---egalitarian ethics define all people as having more or less equal rights to status and resources, regardless of individual ability. Egalitarianism, in turn, has powerful long-term implications for the costs of reciprocity, for giving takes place with the knowledge that the recipient cannot use assistance received to gain disproportionate social, economic, or reproductive advantage, to usurp the resources of others, or otherwise dominate them. Those who seek to do so are quickly levelled.The above terms of reciprocity, held within populations that pool risk, make their characteristic marks on forager economies by inhibiting competition and capital accumulation. (Polly Wiessner, Taking the risk out of risky transactions)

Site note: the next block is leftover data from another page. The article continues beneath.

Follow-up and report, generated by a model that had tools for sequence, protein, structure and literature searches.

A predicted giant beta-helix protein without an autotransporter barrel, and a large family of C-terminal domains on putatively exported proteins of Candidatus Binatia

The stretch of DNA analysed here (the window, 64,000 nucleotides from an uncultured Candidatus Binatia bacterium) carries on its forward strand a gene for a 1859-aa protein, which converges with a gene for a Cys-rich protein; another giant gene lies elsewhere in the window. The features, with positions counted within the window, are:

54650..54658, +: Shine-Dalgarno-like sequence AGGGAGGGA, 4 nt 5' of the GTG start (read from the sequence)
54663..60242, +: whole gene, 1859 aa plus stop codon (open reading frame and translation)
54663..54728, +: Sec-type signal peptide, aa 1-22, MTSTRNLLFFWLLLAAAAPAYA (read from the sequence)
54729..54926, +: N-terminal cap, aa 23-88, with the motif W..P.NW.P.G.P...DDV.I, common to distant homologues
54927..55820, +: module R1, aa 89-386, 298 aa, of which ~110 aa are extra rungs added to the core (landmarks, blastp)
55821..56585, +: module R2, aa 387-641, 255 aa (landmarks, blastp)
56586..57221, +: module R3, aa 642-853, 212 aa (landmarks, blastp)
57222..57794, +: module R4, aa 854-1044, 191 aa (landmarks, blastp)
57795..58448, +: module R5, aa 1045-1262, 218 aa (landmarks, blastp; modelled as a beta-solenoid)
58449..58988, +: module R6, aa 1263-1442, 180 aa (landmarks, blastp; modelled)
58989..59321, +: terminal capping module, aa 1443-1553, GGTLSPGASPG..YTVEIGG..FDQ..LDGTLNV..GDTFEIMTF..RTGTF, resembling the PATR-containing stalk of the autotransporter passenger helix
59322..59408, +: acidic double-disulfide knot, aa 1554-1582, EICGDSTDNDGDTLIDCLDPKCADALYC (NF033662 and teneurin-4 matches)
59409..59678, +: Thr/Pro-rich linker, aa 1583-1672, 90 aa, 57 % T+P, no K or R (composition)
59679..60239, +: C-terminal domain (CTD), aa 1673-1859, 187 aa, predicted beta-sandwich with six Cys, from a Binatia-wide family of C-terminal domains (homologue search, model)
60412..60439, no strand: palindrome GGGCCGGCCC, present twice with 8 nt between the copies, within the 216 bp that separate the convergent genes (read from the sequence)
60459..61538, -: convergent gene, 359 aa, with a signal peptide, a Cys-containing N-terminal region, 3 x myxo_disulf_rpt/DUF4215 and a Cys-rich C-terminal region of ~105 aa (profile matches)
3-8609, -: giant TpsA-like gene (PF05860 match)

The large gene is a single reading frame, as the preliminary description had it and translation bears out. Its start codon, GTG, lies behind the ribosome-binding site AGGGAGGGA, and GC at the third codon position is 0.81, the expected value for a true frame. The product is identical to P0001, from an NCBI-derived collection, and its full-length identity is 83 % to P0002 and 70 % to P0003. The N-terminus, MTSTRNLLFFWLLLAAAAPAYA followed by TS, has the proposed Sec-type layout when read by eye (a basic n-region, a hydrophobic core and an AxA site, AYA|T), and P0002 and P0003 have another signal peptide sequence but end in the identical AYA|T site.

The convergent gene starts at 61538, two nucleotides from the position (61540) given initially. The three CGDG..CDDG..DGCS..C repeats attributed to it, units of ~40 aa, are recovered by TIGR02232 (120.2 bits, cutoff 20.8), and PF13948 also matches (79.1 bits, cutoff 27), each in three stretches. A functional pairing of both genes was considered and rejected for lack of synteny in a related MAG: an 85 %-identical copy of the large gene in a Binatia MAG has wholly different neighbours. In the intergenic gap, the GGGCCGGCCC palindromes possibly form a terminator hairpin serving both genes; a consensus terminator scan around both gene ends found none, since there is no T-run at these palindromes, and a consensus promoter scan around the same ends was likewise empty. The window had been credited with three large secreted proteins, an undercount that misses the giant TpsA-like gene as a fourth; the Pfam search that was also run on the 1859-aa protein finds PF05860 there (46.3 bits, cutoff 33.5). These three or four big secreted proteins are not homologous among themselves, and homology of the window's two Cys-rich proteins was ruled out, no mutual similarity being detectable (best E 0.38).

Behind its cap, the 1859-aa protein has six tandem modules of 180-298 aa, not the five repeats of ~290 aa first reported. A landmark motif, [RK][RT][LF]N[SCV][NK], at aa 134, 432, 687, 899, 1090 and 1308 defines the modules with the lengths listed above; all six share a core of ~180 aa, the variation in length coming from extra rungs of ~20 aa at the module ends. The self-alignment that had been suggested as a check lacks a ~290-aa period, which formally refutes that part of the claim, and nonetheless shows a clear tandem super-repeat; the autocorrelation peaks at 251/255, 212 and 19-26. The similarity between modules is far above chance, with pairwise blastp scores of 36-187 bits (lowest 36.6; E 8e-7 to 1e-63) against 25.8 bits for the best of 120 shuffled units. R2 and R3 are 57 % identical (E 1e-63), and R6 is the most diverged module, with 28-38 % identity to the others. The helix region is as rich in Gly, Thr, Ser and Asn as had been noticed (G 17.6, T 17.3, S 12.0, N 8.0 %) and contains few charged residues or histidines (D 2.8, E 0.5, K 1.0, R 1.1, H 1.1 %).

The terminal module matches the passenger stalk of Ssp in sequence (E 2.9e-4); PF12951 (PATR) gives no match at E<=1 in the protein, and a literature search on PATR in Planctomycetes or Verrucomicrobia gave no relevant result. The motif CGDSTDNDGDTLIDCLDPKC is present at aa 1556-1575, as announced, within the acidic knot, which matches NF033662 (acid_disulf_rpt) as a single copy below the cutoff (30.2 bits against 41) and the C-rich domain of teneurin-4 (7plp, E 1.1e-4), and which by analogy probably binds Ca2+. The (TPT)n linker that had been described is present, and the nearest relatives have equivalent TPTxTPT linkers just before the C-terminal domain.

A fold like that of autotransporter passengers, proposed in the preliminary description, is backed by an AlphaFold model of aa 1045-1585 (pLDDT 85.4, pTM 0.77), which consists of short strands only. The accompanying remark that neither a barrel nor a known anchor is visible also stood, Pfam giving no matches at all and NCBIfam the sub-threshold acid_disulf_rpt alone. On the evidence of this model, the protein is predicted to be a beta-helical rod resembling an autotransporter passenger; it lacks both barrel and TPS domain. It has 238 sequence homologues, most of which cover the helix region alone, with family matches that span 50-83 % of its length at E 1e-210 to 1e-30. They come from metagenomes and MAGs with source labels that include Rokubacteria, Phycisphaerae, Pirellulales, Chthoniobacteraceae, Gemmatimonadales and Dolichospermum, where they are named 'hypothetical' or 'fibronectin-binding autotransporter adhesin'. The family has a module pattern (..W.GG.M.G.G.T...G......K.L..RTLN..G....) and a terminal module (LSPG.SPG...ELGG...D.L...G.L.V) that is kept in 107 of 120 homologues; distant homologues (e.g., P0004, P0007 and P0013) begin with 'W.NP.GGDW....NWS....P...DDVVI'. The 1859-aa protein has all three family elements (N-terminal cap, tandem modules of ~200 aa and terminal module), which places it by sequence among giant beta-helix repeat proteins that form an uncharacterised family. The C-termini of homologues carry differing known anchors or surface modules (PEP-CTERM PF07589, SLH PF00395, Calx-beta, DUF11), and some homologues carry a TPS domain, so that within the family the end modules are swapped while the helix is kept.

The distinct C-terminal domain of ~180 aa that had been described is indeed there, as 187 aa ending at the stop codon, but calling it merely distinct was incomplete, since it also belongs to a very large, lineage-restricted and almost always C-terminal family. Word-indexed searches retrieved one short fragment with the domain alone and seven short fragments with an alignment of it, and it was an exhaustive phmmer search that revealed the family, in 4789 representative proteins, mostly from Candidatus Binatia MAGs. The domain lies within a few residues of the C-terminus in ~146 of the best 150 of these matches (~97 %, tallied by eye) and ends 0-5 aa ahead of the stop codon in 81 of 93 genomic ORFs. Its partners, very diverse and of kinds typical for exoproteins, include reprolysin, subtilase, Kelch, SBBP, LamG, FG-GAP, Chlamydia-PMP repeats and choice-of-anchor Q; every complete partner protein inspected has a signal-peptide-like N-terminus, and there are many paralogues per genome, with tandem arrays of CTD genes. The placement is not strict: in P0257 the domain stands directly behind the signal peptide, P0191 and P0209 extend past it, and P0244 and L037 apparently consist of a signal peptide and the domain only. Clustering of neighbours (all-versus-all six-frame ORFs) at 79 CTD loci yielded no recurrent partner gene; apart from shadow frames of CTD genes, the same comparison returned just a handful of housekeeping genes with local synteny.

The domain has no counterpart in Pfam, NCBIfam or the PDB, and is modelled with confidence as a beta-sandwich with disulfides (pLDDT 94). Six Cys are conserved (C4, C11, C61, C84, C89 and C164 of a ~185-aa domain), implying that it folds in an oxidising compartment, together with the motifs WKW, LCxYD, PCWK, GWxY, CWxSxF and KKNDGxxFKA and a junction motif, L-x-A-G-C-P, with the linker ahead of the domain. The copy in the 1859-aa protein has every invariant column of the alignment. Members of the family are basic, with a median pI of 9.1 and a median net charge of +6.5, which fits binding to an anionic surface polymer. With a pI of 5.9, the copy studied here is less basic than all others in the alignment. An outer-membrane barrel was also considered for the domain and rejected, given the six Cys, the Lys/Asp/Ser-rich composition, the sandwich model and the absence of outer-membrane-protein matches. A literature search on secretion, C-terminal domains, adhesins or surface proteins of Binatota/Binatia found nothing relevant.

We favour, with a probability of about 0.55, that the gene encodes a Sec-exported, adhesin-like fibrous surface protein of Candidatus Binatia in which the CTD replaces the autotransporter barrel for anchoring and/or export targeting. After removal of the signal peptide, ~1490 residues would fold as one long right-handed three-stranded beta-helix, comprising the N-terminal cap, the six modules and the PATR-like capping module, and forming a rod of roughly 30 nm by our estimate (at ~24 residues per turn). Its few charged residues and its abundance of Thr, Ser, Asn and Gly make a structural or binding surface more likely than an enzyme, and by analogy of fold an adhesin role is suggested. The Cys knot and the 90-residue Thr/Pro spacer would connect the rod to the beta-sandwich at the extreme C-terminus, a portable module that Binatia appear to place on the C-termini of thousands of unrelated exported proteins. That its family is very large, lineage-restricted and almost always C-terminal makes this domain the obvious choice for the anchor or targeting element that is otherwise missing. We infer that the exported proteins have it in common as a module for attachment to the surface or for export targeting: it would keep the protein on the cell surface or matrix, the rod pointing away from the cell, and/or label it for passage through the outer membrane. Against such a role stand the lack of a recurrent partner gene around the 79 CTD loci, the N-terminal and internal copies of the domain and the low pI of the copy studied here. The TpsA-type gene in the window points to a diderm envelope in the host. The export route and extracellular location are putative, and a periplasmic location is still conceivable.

I guess it's pretty obvious that egalitarianism tends to inhibit competition and capital accumulation. People have been so valuable resources, that the masses, the demos, have been succesful in more or less quickly levelling the capitalists. Egalitarianism is not so worried about those who have too little, but about those who have too much. You can let the weakest ones die, but you cannot let the strong get too strong.